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3D printing material

What material do I use for my printer?

The number of additive manufacturing technologies in 3D printing is constantly increasing. More and more materials are available. In the meantime, even 3D chocolate printers, for example, have been successful on the market. The intended use is decisive for the right 3D printer material. All variants have their specific advantages and disadvantages. The second factor to consider is the hardware: not every printer can handle every 3D printer material.


FDM (fused deposition modeling) is one of the best-known 3D printing processes and is becoming increasingly popular in the hobby sector.

Plastic filaments such as PLA, PET-G, ABS and many other compositions, with different properties such as weather resistance, UV resistance, chemical resistance, etc., have one thing in common:

With the right temperature settings, they can be formed into one part using a 3D printer. Expressed in a simple way.

To be precise r, the plastic is melted and applied layer by layer to the process plane. The finer the height of the layers, the less you can see the individual layers with the naked eye. However, this increases the printing time enormously. Of course, other factors also affect the time, such as the filling (infill) or the wall thickness.

The filament should preferably be dried or stored in a box with silicate, since plastics generally have a tendency to draw in humidity, which could be noticeable in the printed image. For this reason, heated drying boxes are also recommended.

For 3D printers with a Bowden extruder, it is recommended to feed the filament from the side, whereas for a direct extruder, feeding from the top is advantageous.

Elastic filaments such as TPU can only be printed with a Bowden extruder to a limited extent, since the path between the feed wheels and the hotend is so far apart that the flexible filament no longer has enough force to be pushed through the nozzle and instead is already in the PTFE - Hose could twist.


SLA (stereolithography) is the oldest printing process and has hardly changed through the evaluated technology.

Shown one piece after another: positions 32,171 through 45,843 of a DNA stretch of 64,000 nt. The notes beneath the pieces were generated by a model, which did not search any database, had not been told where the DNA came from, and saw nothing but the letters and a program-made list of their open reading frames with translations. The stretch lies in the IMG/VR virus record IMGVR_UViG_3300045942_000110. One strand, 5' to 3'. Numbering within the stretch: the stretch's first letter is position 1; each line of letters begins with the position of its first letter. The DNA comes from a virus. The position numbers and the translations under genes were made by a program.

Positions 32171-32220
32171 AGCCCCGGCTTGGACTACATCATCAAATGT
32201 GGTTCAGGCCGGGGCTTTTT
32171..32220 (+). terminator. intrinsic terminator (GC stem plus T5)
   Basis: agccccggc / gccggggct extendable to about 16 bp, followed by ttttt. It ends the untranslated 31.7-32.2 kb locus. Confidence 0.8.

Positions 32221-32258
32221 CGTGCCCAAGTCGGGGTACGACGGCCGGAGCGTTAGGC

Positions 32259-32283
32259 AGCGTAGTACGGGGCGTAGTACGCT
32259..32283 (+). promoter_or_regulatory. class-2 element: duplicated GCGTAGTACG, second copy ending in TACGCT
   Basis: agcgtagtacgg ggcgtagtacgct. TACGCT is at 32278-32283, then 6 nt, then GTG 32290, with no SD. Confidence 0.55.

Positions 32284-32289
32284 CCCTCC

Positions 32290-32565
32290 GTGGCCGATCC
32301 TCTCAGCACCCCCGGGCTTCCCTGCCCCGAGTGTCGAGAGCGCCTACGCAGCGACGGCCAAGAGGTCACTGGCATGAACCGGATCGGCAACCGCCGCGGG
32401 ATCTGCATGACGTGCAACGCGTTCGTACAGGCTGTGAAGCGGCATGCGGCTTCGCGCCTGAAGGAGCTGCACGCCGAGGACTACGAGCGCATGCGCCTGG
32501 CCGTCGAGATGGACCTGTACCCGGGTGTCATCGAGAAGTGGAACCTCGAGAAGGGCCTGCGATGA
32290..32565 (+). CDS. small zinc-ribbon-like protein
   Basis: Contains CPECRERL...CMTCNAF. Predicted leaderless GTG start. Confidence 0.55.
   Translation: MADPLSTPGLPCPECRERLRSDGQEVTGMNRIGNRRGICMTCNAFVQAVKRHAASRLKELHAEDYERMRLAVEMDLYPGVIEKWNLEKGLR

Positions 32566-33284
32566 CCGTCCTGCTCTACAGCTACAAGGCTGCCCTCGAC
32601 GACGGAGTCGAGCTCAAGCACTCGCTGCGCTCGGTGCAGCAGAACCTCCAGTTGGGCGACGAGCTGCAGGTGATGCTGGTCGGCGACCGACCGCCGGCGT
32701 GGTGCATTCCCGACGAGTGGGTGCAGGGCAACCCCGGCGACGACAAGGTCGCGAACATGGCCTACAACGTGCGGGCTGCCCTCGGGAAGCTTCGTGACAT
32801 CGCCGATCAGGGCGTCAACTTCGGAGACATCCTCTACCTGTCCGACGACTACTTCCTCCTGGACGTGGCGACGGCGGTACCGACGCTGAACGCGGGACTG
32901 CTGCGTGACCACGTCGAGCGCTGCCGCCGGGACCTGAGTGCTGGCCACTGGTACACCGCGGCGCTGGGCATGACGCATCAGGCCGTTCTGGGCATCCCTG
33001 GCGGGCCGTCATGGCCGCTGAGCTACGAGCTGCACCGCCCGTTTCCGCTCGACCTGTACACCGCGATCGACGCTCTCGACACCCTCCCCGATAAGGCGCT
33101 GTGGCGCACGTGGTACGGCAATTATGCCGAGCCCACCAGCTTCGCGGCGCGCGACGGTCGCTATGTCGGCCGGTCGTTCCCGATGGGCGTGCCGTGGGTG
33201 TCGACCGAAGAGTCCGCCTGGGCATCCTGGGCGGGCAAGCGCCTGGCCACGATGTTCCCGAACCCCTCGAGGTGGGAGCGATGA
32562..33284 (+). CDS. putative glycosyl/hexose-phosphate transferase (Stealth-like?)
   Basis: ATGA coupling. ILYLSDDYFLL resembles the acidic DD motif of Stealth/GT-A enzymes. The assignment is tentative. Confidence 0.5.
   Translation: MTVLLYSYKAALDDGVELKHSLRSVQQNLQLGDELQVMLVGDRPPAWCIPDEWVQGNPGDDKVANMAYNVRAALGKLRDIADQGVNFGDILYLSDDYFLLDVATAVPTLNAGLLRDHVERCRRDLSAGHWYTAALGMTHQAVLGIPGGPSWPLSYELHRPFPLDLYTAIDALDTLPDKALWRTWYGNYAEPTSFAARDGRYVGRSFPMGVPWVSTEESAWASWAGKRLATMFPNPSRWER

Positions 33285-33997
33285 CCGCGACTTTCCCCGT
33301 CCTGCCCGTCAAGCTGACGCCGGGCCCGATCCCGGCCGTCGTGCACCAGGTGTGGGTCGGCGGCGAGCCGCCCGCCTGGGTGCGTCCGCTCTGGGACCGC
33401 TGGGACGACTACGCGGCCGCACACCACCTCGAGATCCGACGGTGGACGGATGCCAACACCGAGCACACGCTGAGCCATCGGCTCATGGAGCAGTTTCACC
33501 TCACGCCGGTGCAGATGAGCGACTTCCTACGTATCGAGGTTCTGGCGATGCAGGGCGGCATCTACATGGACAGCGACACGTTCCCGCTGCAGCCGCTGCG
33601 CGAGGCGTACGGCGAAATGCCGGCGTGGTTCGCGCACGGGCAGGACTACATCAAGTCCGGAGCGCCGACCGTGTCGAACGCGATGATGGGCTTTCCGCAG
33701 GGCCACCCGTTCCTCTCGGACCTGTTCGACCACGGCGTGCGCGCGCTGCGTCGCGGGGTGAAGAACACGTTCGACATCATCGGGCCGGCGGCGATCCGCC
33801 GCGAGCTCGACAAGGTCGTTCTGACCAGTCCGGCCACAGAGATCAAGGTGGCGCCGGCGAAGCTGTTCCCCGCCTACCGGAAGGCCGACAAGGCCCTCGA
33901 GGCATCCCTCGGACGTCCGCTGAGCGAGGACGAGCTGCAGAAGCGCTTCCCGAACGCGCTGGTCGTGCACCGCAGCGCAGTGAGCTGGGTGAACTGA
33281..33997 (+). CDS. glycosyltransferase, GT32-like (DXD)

Resin (usually with a wavelength of 405nm) is filled into a container. After the start of printing, a platform moves into the container from above and stops at the first layer height. At that moment, the first positions of the object are photographed from below using UV light and harden on the platform. The pressure gradually builds up and finally the finished object is upside down on the platform and can be loosened with a spatula.

The finished object must now be washed out with a Wash & Cure with IPA and then post-cured with UV light.

With this printing process, extremely detailed sculptures, but also functional parts can be produced.

The resin used is available in many different colors. Even transparent or flexible resin can be easily printed with good settings.


SLS (selective laser sintering) is the pinnacle of additive manufacturing.

Simply explained:

Metal powder is applied layer by layer with a squeegee and the object is built up with a laser after each stroke of the squeegee.

Finally, you have a large construction space filled with powder, from which you have to extract the finished objects with special extraction systems and brushes.

The ingenious thing is that the powder also serves as a support element for the objects and can be reused. Very complex geometries can be manufactured with this process and a high series quality can be achieved with it.

At the moment, the acquisition costs for such devices and their necessary accessories are very high and are therefore more suitable for industrial/commercial purposes.


It was only a matter of time before this process was also reflected in 3D printing. In the meantime, SLA, DLP, FDM, binder jetting and even SLS processes have been adapted to the ceramic material clay. According to a study, ceramic printing should reach maturity in 2025 and from then on establish itself as a production technology for a wide variety of industries.